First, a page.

The statement came despite anecdotal evidence suggesting some users were finding it harder to get an Uber in the capital. The company said it was struggling with a surge in demand. Uber claims to have the same number of drivers as it did prior to the pandemic but said demand is up to 40% higher in some cities. The company is seeking to recruit up to 20,000 new drivers in the UK.
Recent reports suggest some drivers also quit Uber and ride hailing during the pandemic. A survey of 1,200 drivers found 49% switched jobs during the pandemic, according to Bloomberg.
Uber said 65% of its cars still arrive within 5 minutes and 90% get there in 10 minutes of less.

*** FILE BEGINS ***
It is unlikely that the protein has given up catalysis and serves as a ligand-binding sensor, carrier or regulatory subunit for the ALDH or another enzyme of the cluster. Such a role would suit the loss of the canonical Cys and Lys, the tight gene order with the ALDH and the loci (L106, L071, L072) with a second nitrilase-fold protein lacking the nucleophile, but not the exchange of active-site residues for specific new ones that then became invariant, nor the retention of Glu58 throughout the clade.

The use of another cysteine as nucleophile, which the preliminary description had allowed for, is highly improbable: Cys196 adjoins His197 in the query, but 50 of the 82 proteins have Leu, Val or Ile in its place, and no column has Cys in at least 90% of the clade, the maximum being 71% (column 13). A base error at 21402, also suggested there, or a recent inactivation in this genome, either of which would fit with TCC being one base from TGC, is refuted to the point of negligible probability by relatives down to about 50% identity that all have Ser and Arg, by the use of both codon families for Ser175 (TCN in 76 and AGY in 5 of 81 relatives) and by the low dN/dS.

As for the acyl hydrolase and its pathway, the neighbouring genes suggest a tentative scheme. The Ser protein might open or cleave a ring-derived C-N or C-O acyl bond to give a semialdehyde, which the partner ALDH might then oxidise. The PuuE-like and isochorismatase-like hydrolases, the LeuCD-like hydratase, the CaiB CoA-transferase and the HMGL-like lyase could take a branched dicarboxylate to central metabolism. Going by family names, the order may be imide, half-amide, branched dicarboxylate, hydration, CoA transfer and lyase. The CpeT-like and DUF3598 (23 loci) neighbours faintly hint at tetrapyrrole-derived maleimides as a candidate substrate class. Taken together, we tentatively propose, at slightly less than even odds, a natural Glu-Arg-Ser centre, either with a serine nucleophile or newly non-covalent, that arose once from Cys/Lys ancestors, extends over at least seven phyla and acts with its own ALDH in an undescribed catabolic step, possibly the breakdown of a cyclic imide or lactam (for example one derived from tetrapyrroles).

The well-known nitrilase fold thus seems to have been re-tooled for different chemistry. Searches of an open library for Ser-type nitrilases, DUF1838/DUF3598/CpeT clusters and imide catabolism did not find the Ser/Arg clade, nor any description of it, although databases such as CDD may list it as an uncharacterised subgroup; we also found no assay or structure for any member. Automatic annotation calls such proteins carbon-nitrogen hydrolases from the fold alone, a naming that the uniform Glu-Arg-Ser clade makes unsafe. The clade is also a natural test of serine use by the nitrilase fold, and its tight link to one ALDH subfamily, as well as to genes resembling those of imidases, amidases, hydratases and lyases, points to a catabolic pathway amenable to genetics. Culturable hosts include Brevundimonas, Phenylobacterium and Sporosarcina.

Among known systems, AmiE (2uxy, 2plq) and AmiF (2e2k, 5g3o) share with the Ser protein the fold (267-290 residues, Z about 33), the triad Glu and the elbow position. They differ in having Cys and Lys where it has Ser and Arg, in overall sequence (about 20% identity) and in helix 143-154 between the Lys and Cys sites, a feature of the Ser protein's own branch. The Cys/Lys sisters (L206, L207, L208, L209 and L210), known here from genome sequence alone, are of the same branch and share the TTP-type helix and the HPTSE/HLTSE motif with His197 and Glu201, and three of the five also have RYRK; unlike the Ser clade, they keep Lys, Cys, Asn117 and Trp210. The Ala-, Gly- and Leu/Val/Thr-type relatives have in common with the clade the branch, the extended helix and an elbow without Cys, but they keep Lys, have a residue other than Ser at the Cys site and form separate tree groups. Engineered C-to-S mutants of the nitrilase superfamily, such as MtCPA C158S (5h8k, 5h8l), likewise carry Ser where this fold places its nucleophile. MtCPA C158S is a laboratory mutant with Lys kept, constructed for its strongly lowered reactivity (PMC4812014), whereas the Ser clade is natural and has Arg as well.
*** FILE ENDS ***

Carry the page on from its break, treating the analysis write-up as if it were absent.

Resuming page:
Concern about ride hail wait times has come to the forefront amid a national shortage of petrol after panic buying across the country. Panic buying began after reports that a lack of truck drivers meant some forecourts were running low on fuel. The army could be called in to help deliver fuel to forecourts amid the crisis.
“Panic buying only results in less fuel being available for those that need it: a similar pattern to the one we observed at the start of the pandemic with toilet paper,” said Dr Florian Lucker, Senior Lecturer in Supply Chain Management at Bayes Business School.